Wear updates will of course come in time, stay posted.


I ended up running this tyre at 28PSI, it's so stiff that it still doesn't wobble all over the place at this pressure but it at least isn't too hard and chattery. As far as wear rate goes, well, at 3110 miles I can only describe it as disappointing..
You can also see how it has squared off, it wasn't bad at all until the tyre saw some motorway miles and after a few trips up and down, well..
I'm also sad to say that after around 2000 miles the tyre became really quite slippery in the wet and I can spin the rear up in 4th gear, yes it's better than that awful Mitas MC25 but not by a lot. Given the not-too-cheap price of these I'm really struggling to find any reason to recommend them to anyone right now. Further updates to come..

Saturday, 3 November 2018

A tale of a puncture

You know how it goes, you get to work one day and find a great big screw in your rear tyre.
I fretted about it for a bit but it didn't seem to be leaking so I just rode home on it, no bother. "I know" I thought, "I'll fix it wi' me plug kit! Yeahhh". The tyre is that horrible Mitas and there's bugger ll tread left on it but I don't have a replacement and I need to get to work so..
And all is well again. Okay so the first mushroom fell back inside the tyre but I lopped the end off before I blew the tyre up, the second time I blew it up and then lopped the excess off and it seemed okay. Is that normal? I can't remember, maybe it is. Confident in the mush I leave the pump and kit at home and set off on the commute in the morning.. Ohh how short my memory is. This happened previously on the CB250. About a mile from work the plug falls inside the tyre and a very quick deflation event occurs. I stuff it in the entrance to a farmer's field and walk the rest of the way, rasser frasser nasser..
I decide the only sensible course of action is to borrow (ahem) a large screw from work, turn it into the hole and push the bike all the way to Morrisons where I can blow it up at their petrol station.It's only 0.9 miles away, how hard can it be?

While I'm sweating buckets pushing it to the supermarket (okay it's pushing itself on tickover in first but it's still hard!) a bloke zips past on his Triumph, turns around at the roundabout and comes back. He has the audacity to ask if everything is okay. I point at the rear tyre. He gets off his bike, delves into his fancy Kriega bag and chucks a string-type puncture repair kit at me with instructions to just drop it back at the gatehouse at Triumph which is where he works. He then has the audacity to mention he's never had to use it.. I was conflicted. Anyway! Rasp the hole, thread the sticky rubber string dog treat thing through the eye of the needle and shove it in the hole, then lop off the excess. The result:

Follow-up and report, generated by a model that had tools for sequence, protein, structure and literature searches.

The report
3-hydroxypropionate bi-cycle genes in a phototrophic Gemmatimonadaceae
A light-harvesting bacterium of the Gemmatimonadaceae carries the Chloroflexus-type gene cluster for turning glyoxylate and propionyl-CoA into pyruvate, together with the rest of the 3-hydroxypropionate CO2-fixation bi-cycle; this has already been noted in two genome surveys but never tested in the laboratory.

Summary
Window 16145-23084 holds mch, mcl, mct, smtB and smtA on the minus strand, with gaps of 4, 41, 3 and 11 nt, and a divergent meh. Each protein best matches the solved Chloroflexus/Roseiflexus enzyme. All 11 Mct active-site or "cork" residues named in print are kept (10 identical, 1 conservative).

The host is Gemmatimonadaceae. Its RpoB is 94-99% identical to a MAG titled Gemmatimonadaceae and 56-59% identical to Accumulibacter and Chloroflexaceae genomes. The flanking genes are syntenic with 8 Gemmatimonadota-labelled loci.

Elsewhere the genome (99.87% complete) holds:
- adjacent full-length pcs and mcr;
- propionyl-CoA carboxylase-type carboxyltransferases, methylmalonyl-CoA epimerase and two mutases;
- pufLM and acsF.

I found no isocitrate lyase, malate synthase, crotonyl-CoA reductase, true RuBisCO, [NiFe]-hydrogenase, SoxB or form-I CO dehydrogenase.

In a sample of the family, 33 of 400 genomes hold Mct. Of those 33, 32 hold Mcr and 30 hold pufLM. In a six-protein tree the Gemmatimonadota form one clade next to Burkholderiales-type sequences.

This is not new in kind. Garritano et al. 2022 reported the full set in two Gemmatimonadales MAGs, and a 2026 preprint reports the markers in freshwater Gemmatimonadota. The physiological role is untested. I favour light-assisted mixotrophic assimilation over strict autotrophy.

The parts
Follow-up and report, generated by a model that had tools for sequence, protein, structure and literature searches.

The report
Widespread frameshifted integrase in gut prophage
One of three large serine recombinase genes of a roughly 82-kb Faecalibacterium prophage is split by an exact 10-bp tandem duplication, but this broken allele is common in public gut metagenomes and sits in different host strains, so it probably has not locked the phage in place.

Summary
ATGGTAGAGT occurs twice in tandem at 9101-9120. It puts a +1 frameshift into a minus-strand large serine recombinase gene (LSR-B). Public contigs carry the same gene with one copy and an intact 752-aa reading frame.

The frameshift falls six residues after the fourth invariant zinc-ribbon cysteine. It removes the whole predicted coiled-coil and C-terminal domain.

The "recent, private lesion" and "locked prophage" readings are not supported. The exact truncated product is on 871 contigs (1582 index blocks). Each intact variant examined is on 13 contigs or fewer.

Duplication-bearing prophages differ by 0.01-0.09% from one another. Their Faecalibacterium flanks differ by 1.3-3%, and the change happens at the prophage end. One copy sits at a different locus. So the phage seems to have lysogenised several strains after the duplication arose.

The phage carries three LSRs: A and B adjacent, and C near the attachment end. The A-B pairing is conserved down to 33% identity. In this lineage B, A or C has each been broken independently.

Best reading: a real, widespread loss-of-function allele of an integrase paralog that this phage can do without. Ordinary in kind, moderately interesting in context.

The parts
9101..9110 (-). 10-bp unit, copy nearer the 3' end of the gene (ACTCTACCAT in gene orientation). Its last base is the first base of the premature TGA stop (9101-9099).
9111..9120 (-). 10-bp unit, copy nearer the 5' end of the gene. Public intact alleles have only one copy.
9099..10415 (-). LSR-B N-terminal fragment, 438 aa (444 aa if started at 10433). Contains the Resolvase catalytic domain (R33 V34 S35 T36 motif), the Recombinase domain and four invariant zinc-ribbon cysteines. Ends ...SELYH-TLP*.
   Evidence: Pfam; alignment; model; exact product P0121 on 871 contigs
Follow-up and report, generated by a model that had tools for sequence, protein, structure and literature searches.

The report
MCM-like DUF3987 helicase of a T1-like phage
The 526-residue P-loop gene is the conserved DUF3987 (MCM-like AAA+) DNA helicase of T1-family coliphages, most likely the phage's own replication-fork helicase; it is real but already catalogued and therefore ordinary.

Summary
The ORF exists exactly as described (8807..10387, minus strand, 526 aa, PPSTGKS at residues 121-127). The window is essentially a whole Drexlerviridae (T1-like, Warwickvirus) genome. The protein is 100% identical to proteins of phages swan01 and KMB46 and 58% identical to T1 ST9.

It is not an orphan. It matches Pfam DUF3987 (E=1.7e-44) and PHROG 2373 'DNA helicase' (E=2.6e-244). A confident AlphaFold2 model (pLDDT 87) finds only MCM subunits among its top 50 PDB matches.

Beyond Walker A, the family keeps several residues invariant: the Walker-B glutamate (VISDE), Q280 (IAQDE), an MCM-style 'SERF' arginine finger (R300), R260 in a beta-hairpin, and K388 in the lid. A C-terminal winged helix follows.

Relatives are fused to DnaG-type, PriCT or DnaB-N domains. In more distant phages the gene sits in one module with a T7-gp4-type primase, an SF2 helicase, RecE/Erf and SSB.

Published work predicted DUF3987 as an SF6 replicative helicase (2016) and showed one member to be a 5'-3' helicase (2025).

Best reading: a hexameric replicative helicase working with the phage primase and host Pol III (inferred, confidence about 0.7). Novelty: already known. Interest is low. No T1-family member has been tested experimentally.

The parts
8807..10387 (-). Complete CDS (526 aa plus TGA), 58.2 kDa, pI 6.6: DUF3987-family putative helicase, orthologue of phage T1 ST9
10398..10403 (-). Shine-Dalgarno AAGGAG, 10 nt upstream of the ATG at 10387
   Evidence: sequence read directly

Many thanks also to the other man who works for Triumph who stopped his run to help me with this, he held on the front brake while I shoved into the rear tyre - it takes a surprising amount of shove but if you're on your own you may get away with just sticking the bike in 1st gear.

More pushing, 0.9 miles is sooo farrr..
The plug worked a treat, it's still blown up just fine 1.5 weeks later. I think I am converted to string repairs now, I've had the mushroom kit fail twice with plugs falling back inside the tyre and you need a pair of pliers to pull on the stem of the mush which isn't included in the kit. With the string repair you have everything, and the rubber is so sticky it's not going to just fall inside. I always expected the rubber to be messy, but it wasn't at all - the hardest bit was threading it into the eye of the needle, and that wasn't too hard.

Thanks Triumph people, anyway. I set off straight to the gatehouse where I handed the kit in, such was my enthusiasm at the time.

Z250SL caliper clear out

Get a new bike, they said. You won't have to fix it all the time, they said. Liars! I knew the brakes were sticky after the long, looong winter of 2017/18 but we also then had the best, driest summer in 2018. Nevertheless, after coming back from the annual Germany trip on the TRX I found that the Kawasaki's brakes had taken much umbrage at sitting still for so long and the bike barely rolled. Oh joy, a mere 10K on the clock and another year before it needs an MOT and here we go already.. the front caliper can be my first victim..
It didn't look too bad in there considering how well the brake was sticking on, but clearly the dust seals are being pushed out of their grooves. Of course I find it so very fun that my ancient BMW K100 has dust seals that extend with the piston, covering it all just like a caliper from a car, while this here 2016 model is the same as all the normal crap. Pluck the seals out with dentistry tools..